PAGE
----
The trick, really, is to evacuate BEFORE a predicted, known, and visible threat hits the city. A few snippets:
Louisiana officials again accused the Bush administration of being slow to respond to the flooding of New Orleans and then trying to shift the blame to state and local governments.
Though no big fan of FEMA, I just fail to see how they can be blamed for not taking care of people post-storm after the state and local governments failed to take care of them pre-storm.
Dan Packer, president and CEO of Entergy New Orleans, said Sunday afternoon that he expected to bring lights to at least parts of downtown by that night. “I feel confident that a part of the central business district will be lit up tonight and the rest tomorrow,” he said. “As the city drains, we’re going to get fixing.”
If, indeed, lights burn tonight in the city, it will be quite a feat. And maybe some of the “nobody is doing anything” talk will die down a bit.
Episodes of looting, which peaked Wednesday, have dramatically diminished, as police and National Guard troops patrol the streets of the French Quarter and the business district.
Which demonstrates that all looters aren’t idiots. For what it’s worth, I DO think that the troops should have been sent in more quickly and with liberal rules of engagement. No one could do a lot about the flooding or the food shortages, but enforced law and order would have helped those trying to do what they could. A potential problem for authorities is people refusing to leave.
Some residents say they want to protect their homes. Others fear the hassles of evacuation, particularly if they have pets, which are not allowed on the evacuation buses.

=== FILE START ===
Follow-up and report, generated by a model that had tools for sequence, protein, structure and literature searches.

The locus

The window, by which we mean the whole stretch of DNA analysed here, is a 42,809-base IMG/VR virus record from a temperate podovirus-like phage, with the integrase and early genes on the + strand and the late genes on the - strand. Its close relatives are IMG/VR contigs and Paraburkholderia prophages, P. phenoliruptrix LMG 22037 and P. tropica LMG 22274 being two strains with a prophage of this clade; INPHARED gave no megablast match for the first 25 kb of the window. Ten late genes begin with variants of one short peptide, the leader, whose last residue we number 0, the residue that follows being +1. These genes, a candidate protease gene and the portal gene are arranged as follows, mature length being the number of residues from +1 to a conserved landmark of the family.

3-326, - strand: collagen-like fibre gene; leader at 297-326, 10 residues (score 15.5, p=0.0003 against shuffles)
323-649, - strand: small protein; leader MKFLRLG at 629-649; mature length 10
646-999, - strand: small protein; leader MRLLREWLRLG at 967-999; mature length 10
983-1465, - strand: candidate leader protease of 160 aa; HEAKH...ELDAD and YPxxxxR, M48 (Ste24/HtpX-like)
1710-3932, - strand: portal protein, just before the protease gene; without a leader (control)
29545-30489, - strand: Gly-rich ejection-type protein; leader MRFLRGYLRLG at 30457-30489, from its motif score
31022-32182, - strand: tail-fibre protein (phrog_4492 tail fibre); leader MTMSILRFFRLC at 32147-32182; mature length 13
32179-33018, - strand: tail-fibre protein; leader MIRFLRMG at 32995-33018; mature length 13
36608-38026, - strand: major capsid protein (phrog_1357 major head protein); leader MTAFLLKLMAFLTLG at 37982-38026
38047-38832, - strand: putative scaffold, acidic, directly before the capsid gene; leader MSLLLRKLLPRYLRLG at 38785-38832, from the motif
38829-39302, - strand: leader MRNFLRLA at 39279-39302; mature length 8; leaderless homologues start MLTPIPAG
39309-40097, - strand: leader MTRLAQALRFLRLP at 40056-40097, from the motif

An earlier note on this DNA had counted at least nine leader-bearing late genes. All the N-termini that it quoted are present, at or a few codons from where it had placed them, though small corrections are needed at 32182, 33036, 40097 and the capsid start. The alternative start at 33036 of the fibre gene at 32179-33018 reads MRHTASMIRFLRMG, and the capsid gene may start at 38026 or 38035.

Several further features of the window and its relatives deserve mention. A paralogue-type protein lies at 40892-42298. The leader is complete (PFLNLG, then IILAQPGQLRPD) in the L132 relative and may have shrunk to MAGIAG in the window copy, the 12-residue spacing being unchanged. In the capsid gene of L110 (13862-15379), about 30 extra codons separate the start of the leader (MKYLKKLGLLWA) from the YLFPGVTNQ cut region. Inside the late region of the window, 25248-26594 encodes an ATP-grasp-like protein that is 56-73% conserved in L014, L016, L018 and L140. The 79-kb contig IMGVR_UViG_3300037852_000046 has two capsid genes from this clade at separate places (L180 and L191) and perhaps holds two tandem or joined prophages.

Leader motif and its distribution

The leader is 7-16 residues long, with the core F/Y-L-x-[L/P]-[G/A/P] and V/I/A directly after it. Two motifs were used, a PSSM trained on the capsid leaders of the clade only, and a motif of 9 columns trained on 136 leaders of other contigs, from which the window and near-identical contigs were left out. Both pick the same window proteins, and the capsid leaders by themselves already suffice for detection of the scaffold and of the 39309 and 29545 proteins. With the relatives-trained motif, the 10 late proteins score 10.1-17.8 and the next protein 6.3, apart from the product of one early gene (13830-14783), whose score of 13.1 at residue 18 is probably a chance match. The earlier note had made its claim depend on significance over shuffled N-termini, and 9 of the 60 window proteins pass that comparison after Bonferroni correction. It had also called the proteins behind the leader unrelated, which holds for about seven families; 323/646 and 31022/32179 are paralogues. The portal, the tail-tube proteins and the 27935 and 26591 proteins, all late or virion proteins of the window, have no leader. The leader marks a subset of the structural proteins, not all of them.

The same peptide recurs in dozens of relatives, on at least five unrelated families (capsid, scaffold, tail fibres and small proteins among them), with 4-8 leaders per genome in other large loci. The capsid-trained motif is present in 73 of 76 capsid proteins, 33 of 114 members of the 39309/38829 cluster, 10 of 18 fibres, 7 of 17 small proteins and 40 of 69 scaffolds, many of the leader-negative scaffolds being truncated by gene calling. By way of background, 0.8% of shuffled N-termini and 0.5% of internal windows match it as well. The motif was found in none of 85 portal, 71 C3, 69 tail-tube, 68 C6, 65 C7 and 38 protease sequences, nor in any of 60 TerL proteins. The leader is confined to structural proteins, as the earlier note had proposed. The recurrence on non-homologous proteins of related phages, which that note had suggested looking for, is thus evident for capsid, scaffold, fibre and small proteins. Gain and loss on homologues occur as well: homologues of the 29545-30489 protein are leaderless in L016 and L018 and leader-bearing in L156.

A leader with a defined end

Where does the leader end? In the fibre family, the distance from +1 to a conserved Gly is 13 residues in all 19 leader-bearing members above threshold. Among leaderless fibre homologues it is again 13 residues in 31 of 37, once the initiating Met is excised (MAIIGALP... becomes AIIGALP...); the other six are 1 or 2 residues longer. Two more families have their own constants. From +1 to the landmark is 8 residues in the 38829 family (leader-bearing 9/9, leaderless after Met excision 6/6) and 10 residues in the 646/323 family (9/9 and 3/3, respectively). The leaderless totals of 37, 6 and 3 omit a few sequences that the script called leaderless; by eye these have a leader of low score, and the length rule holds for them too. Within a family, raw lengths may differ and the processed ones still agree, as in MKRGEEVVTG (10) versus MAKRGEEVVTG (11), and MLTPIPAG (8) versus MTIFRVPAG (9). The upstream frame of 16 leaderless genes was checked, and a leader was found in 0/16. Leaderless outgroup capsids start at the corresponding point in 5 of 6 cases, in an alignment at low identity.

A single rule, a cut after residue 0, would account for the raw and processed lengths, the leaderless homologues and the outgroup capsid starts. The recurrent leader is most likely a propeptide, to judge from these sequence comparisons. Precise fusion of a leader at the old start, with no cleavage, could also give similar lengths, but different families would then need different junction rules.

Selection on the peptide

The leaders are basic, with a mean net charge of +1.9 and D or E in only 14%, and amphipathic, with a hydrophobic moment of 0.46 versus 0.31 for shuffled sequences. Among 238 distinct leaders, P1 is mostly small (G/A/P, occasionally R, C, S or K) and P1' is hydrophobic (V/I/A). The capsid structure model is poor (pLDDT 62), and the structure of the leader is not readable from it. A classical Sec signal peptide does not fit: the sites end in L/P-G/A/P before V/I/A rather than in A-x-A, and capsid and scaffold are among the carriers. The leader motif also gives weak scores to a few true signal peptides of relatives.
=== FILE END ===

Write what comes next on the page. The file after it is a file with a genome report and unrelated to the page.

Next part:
People like that give actual victims a bad name.
Shawn Lazana, 36, an artist, and Kay Kennedy, 41, a writer, had been trying to stay in her uptown home when a military unit arrived with automatic weapons to evacuate them. Their street is flooded, and Lazana said he had seen the bodies of an elderly woman and a young child in the water. But they were trying to ride out the hard times so that Kennedy could continue to care for her cats, Armand and Gabriel. “We were basically forced out at gunpoint,” Lazana said.
Let me restate that: They saw a dead woman and a dead child but wanted to stay to care for cats. I see no reason to add anything.
And get this:
“They’re gonna have to leave,” New Orleans Mayor Ray Nagin said. “The issue of life safety is really becoming a serious issue for me,” citing the presence of toxins and bodies in the water.
That’s rich. Now he says they have to leave. The “issue of life safety is really becoming a serious issue for him“.
Several residents said they would leave if the evacuation process promises not to be too miserable.
Because, apparently, being stranded in a city with no power, water, or food and surrounded by toxins and dead bodies isn’t miserable enough.
Let’s just keep in mind that the vast majority of the victims aren’t idiots like these morons. They’re actually deserving of our pity and our help.